Early Saturday morning, my mother and I drove down to Charleston, Oregon to attend a class at the Oregon Institute of Marine Biology (OIMB). The class we were taking? Seaweed Art, which is the process of pressing seaweed or algae. With a diverse selection, the options are endless. There are three main colors that appear in algae: green, brown, and red.
The instructors started out by distributing plastic bags that we could use to collect our own specimens. We had two options from where we would collect, either from the dock or, for a greater diversity, along the pier, a short walk down the road.
Mom and I chose to take the walk down to the pier. We were lucky to be out during low tide, abling us to go down closer to where larger specimens would be discovered. We found several baby Bull Kelp, which our teacher later informed us was a great find as they look lovely after being pressed.
We returned to the lab shortly after collecting our algae specimens. We placed our collections in an aluminum container with salt water so that they may spread out, allowing us to see what we had found. This is when one of the instructors gave us a short talk, What is Algae?
One of our greater misconceptions about the world is that all Oxygen is produced by plants, but actually 35% is created by Algae. The other 65%? 35% from Cyanobacteria and 30% from Land Plants. Interesting enough, Algae is not actually a plant as they lack vascular tissue, roots, flowers, and seeds. The way they reproduce is more similar to ferns – via spores.
Algae are Incredible
Algae is the fastest growing organism on the planet; Bull Kelp can grow up to two feet daily. They have great symbiotic relationships between fungi and sloths. Who knew?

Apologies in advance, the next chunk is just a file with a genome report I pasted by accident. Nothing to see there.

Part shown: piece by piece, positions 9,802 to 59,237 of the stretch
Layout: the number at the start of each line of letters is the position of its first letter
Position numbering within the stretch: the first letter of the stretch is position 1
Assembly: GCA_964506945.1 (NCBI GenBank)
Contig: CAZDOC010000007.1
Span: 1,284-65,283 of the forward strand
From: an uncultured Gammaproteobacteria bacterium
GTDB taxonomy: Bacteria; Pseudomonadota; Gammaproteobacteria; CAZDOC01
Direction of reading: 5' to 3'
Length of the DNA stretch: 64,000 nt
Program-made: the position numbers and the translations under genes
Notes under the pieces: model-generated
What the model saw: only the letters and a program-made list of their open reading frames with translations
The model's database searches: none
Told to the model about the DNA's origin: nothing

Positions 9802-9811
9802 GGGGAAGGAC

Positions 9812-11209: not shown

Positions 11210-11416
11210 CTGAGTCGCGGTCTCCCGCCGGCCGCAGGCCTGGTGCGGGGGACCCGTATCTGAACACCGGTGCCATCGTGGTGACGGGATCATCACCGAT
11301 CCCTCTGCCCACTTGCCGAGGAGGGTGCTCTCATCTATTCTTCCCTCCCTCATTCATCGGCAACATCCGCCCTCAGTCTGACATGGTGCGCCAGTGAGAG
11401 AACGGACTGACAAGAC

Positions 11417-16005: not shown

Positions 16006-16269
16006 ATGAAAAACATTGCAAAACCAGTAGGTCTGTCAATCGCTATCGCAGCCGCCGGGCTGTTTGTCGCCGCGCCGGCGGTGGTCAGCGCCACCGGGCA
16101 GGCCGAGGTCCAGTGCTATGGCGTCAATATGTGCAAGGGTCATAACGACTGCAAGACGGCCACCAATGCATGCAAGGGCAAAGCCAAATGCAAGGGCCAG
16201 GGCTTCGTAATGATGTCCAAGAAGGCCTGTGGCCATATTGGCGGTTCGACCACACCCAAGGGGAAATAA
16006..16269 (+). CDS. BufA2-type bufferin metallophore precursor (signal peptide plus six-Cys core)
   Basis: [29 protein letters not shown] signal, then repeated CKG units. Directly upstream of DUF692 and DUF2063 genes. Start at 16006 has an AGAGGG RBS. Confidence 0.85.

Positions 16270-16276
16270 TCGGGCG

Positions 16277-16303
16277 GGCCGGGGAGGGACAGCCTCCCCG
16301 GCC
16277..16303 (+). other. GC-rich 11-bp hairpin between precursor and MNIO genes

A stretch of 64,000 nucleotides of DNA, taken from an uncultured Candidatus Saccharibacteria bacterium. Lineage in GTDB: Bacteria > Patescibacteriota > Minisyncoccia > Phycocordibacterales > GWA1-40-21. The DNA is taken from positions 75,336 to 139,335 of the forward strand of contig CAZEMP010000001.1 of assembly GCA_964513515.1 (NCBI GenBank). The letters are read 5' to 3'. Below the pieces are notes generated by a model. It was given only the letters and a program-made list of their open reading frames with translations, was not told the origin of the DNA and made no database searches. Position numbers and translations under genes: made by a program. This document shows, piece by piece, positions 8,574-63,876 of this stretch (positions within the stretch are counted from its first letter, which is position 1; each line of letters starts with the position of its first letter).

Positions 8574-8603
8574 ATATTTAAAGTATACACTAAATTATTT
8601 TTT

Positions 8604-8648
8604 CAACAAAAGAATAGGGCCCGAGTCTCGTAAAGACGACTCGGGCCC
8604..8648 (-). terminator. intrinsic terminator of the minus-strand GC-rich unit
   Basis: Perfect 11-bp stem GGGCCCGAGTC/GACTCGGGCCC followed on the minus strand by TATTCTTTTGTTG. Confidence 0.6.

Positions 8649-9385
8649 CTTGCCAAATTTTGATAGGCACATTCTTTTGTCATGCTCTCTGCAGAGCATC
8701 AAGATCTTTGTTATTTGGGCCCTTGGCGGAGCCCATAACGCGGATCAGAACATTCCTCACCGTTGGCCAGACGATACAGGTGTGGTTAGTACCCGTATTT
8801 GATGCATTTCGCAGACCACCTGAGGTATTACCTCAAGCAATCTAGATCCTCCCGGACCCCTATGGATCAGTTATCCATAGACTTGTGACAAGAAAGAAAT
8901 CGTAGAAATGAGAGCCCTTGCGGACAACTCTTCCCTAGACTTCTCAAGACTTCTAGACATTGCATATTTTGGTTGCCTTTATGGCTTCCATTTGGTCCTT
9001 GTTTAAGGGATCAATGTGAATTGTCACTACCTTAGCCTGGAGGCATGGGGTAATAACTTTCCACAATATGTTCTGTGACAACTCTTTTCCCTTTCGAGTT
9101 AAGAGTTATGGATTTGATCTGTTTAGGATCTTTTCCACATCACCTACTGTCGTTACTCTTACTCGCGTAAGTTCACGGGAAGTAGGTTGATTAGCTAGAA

Fungi and Algae can live separately but can survive together in a much more diverse range of climate. Have you ever gone up to where snow is and seen a red substance on the snow? Most think that it was rust run-off (I did!) yet actually, it is Lichen. A clever phrase that always helps you remember this symbiotic relationship is, Freddie Fungi and Alex Algae took a Lichen to each other.
Sloths actually encourage algae to grow in their hair. This is helpful towards the sloths in that Algae provide camouflage and are more nutrient rich than the plants that sloths otherwise consume.
Algae is a great food source. Japan has long known this. Nori, a type of seaweed, is used in Sushi. On the Oregon Coast, we have a relative to Nori that grows. While Western Culture is still getting used to the idea of Seaweed being a great food source, Japan and China are still the largest consumers. On the Oregon Coast, there are no poisonous species so give it a try.
After the short lecture, the instructors showed us how to press the seaweed samples we’d brought back to the lab. Essentially, you layer a series of different materials in this order: cardboard, blotting paper, herbarium paper, your algae specimen, cotton fabric, blotting paper, and cardboard. We were also informed that you could use any thick type of paper, such as watercolor paper if you are unable to obtain herbarium paper.
Mom and I both did three of them each, yet we had enough algae to do several more only the class ran out of cardboard. The only tricky part that I found, was selecting how you wanted the algae to be arranged in the final product.
When we had completed all of the pressings, one of the instructors wrote down everyone’s contact information to inform all the participants the time final products could be picked up after drying. The drying process should take about two weeks, but some of the works might be held back longer as they wished to put some up on display at the South Slough Visitor Center.